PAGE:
4 July 2016 5:27 PM GMT
Auto majors like Mercedez Benz, Toyota and BMW today got a boost with the Centre supporting their appeal to the Supreme Court to lift the ban on registration of 2000 CC plus diesel cars just before the three -judge bench headed by Chief Justice T S Thakur reserved its verdict after holding extensive hearings.Centre also told the court that it had no power to impose hefty cess and contended it...
Auto majors like Mercedez Benz, Toyota and BMW today got a boost with the Centre supporting their appeal to the Supreme Court to lift the ban on registration of 2000 CC plus diesel cars just before the three -judge bench headed by Chief Justice T S Thakur reserved its verdict after holding extensive hearings.
Centre also told the court that it had no power to impose hefty cess and contended it was the job of the executive. The bench then orally observed that it had no objections but it wanted the government to involve the car manufacturers in the discussions. “This is not an adversarial litigation. We only want to make Delhi liveable”, the CJI said.CJI Thakur hinted that the court might allow the SUV companies to sell their vehicles by paying a minimal cess. Before the centre’s support came, the court had threatened to impose cess upto 30 % of the vehicle cost based on a recommendation by court-appointed EPCA panel.
Attorney General Mukul Rohatgi who appeared for the Centre while arguing a plea filed seeking modification of the December 16, 2015 ban order said there was no rationale to show that 2000 CC plus cars are bigger polluters. He said the Centre was proceeding on the premise that they are meeting emission norms. The government said big diesel cars have better emission norms that smaller car. The ban has its difficulties too. It sends a message that there are inconsistencies in our policy and it affects FDI and also millions of jobs. Huge investment have been made by foreign companies and they are saying we will go away if the ban continues, Rohatgi said.
AG said a court cannot impose any cess on vehicles and it was the duty of the executive. Centre is ready to conduct a multi-pronged study on the effect of diesel on the environment and possible green cess and that can even be under the auspices of the court.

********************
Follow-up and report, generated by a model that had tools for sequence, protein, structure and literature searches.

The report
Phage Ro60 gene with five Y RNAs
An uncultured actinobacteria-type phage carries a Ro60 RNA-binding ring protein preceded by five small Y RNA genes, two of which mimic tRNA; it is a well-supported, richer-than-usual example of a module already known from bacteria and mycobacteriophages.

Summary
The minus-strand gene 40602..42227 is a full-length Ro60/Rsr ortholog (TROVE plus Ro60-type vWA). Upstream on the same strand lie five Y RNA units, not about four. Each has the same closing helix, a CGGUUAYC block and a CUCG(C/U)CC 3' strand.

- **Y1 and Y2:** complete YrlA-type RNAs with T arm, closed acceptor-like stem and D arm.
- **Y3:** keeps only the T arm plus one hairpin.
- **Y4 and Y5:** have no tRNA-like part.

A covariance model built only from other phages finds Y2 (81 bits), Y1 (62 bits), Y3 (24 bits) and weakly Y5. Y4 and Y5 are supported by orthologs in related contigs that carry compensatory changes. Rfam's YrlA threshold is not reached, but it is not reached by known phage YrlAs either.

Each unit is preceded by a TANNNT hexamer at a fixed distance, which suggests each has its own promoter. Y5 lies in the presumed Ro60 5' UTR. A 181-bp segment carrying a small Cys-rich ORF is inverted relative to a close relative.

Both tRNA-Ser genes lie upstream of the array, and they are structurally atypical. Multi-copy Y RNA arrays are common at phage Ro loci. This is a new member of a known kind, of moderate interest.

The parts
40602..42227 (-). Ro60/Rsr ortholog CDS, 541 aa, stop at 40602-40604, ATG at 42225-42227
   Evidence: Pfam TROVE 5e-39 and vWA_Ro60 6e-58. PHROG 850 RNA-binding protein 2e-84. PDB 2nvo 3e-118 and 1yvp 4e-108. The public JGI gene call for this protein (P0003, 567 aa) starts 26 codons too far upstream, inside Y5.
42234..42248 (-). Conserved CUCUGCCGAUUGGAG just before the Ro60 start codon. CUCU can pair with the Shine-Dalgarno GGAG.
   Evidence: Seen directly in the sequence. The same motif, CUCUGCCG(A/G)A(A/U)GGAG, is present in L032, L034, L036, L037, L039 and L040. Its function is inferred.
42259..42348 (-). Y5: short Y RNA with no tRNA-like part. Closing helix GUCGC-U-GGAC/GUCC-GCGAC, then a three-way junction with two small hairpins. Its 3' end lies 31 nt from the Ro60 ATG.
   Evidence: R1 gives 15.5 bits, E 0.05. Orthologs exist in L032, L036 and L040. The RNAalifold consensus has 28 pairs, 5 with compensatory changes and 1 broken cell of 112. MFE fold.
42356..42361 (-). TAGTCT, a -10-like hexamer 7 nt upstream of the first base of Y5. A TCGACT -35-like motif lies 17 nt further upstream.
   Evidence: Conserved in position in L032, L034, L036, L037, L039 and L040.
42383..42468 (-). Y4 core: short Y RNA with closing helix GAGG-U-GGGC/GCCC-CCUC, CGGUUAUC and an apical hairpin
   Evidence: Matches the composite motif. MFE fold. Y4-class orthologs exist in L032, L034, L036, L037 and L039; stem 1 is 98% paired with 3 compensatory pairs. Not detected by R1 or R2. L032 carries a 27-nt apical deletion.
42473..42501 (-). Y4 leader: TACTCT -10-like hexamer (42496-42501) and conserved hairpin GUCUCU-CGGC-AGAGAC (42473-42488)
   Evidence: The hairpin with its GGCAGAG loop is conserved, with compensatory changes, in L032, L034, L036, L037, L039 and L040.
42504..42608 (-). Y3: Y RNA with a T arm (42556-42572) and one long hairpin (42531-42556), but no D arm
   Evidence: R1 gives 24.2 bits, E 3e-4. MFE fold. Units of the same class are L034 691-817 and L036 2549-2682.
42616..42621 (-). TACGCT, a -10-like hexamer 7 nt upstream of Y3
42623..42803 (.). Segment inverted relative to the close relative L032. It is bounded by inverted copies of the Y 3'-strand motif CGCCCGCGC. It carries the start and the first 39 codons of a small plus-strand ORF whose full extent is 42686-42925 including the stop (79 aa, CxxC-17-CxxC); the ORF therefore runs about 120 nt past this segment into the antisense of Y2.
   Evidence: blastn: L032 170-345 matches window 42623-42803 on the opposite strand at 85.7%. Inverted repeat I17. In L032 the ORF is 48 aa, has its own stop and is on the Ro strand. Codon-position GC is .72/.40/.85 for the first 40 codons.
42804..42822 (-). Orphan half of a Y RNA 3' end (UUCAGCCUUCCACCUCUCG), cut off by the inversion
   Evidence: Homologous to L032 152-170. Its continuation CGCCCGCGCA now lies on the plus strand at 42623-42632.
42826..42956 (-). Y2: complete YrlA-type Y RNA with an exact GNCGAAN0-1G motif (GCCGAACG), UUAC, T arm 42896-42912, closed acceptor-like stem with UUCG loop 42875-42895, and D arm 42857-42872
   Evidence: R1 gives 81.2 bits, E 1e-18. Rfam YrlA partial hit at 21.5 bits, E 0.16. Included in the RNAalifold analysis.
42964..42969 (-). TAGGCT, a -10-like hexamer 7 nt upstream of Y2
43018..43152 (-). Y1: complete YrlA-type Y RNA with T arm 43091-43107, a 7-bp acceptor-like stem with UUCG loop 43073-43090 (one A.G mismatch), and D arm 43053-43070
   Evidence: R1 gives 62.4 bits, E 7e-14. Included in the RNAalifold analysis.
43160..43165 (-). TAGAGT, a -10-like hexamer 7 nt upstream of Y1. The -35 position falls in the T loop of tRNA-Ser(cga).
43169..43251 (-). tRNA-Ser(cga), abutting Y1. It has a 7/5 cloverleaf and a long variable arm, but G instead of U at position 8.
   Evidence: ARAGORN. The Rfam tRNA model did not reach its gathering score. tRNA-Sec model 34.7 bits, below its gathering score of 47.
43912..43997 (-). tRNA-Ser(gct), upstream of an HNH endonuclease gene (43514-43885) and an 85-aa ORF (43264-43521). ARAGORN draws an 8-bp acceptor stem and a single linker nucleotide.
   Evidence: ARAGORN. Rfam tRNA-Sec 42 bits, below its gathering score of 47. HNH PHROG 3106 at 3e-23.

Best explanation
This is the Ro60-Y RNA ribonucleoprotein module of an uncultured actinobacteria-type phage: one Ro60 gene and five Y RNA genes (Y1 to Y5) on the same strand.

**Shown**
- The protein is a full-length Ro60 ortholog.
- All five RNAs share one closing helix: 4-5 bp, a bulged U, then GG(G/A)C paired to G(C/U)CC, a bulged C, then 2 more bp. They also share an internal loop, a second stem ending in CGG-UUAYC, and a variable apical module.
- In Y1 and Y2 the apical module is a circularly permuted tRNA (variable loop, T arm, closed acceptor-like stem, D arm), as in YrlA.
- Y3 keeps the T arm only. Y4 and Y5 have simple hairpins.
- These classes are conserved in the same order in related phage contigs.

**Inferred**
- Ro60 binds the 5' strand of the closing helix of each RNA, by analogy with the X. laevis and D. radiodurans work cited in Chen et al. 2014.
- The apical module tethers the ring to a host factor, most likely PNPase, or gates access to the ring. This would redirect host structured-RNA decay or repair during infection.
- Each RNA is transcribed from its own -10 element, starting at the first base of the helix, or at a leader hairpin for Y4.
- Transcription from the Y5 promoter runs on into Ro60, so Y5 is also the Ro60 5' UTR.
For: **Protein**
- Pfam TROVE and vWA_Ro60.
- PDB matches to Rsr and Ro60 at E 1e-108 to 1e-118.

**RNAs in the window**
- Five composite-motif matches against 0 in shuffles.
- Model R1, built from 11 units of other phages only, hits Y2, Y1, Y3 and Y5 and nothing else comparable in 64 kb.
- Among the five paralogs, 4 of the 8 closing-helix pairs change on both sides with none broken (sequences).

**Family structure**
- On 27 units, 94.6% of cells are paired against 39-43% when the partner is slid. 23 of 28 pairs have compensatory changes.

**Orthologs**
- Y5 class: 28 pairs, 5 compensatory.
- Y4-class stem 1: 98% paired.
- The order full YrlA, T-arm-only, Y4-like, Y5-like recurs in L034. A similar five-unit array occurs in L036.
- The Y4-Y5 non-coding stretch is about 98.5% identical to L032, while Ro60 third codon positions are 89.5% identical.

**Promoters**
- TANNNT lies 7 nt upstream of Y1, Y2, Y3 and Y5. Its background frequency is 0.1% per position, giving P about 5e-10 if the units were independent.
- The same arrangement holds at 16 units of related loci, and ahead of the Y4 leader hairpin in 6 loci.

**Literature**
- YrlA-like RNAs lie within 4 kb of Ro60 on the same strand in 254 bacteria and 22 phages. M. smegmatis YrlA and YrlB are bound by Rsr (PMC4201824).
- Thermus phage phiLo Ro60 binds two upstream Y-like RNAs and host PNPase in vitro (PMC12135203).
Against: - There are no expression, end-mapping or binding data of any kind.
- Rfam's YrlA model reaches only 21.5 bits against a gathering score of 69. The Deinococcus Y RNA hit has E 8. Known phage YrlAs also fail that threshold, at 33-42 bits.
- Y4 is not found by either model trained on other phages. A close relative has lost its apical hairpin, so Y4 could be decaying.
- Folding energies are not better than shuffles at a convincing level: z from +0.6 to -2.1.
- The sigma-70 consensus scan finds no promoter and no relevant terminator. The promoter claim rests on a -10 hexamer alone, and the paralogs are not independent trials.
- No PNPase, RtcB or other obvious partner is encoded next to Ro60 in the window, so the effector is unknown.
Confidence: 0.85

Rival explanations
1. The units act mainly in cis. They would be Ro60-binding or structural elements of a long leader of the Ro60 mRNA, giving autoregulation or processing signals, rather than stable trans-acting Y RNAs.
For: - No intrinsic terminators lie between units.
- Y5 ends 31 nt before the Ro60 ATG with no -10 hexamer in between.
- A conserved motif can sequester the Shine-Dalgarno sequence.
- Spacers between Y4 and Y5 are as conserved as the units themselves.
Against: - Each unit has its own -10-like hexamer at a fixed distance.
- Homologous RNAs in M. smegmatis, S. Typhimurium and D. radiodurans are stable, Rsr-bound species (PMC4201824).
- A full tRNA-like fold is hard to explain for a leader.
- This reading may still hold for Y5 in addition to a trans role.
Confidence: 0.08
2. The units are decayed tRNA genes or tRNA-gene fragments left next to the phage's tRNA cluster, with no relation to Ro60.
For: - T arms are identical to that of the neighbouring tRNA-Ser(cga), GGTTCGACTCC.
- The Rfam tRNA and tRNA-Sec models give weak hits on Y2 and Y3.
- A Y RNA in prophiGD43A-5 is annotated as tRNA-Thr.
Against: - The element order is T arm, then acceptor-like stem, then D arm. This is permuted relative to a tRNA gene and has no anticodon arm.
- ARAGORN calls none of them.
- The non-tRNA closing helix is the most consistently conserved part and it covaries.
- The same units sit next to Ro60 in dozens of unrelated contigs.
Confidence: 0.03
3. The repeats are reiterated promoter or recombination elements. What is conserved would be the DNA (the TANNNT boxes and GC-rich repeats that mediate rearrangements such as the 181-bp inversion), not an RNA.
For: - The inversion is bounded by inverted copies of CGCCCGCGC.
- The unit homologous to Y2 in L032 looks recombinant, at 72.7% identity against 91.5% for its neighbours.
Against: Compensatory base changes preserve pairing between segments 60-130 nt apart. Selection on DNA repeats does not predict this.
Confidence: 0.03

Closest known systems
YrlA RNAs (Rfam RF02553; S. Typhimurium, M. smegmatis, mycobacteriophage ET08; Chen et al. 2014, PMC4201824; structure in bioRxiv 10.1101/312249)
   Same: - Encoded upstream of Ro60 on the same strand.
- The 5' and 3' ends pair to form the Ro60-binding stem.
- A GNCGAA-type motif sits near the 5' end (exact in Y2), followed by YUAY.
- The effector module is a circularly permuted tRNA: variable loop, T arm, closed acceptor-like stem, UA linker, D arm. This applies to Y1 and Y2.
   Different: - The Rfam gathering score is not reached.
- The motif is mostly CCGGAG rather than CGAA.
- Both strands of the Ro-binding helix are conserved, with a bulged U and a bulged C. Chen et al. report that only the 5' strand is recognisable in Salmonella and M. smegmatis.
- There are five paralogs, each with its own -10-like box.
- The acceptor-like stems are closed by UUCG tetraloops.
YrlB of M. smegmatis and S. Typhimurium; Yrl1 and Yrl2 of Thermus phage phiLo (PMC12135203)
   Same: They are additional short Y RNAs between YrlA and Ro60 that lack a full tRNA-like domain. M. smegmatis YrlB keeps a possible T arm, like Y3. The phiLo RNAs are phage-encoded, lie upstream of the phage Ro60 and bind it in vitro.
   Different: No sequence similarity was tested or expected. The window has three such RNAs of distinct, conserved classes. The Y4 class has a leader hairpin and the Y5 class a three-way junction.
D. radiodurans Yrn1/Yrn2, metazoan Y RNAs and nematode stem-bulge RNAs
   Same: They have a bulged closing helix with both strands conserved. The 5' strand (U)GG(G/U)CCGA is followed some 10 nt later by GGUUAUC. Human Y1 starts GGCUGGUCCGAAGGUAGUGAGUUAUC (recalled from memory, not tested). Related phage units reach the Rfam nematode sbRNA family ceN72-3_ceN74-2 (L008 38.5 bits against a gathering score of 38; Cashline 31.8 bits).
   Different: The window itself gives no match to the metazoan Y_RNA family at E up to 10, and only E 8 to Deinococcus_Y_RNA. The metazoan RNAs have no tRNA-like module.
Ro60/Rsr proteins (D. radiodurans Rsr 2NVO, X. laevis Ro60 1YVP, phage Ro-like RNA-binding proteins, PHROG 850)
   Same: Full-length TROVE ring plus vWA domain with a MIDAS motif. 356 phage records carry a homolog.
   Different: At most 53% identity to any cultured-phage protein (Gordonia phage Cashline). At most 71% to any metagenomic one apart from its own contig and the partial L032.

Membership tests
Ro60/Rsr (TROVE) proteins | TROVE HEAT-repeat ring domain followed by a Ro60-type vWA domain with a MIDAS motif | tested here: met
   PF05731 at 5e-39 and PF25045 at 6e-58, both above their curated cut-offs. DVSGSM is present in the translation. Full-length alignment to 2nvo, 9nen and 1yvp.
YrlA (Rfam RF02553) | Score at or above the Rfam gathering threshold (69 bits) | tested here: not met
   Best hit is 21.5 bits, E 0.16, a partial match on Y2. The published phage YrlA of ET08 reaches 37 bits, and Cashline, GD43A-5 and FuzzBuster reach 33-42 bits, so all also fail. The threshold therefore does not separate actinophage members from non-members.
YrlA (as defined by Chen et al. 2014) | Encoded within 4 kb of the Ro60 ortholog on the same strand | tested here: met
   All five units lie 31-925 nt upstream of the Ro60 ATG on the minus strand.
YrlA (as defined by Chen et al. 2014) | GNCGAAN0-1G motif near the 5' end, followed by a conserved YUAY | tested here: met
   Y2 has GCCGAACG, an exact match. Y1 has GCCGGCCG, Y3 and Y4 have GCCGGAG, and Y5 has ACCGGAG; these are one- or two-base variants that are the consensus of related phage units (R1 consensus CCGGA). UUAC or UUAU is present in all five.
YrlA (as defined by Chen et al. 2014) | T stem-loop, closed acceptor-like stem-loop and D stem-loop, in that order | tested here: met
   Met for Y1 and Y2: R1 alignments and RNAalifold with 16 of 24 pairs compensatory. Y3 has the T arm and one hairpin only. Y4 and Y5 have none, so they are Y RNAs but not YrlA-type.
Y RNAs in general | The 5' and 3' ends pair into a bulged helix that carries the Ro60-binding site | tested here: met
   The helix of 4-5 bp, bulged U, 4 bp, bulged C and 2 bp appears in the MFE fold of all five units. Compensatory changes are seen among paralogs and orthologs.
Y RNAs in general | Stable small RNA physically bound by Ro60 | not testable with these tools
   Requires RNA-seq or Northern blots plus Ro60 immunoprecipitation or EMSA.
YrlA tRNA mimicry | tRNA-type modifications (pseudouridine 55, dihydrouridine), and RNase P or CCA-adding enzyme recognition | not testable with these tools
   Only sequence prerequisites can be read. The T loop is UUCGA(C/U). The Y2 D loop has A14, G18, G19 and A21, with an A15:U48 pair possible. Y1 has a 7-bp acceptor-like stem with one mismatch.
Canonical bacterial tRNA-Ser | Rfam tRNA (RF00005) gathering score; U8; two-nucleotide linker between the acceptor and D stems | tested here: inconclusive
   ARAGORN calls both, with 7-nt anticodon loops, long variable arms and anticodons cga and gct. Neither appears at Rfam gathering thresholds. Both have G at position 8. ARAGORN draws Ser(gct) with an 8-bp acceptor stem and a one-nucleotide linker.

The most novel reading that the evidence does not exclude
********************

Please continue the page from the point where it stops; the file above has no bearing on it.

EARLIER TOUGH STAND"Are your vehicles emitting oxygen?" the Supreme Court had asked the lawyers for Toyota, Mercedes and Mahindra & Mahindra who want a ban on their larger diesel cars in Delhi revoked.The Supreme Court had on December 15 banned registration of diesel vehicles having engine power of more than 2000 CC like the SUVs and luxury sedans till April 1 on a trial basis. The rich cannot be allowed to move around in expensive diesel vehicles when they can afford petrol vehicles, Chief Justice T S Thakur had noted.“We will first have to assess the question if diesel cars should be allowed at all. Our directions presume diesel vehicles are polluting. For the time being our action is only on big diesel SUVs. We later plan to extend to anyone buying a diesel car. If it is correct that diesel pollutes more, a person who buys diesel vehicle should pay a polluting tax. The polluter pays principle should apply on him”, the bench had added refusing to modify the order in May.On behalf of Toyota senior advocate Kapil Sibal and advocate Vijay Sondhi told the court that their client was the manufacturer of Innova, used mostly by the common person for earning his or her livelihood and that the prohibition had a tremendous impact on the middle class for whom the car was the sole mode of their income.Senior counsel Abhishek Manu Singhvi, appearing for Mahindra, said his client too manufactured automobiles mostly used in the rural areas and for the common man.According to the companies the new cars comply with the latest emission standards, which is BS-IV. However, the maximum cars plying on city roads do not conform to the prevailing emission norms and that they were one of the major contributors to the alarming levels of pollutants in the Capital. BS-IV compliant vehicles only constitute 24 per cent of the total number of diesel vehicles registered in the NCR.The companies claim the ban prevents transition of such vehicles to opt for cleaner fuel technology.The SC order, they state, does not consider the actual cause of the existing levels of pollution nor does it identify the actual polluters.“Prohibiting the registration of new BS-IV compliant vehicles shall not result in the desired reduction of air pollution in NCR, especially when more polluting diesel vehicles continue to ply on roads,” read Toyota’s petition.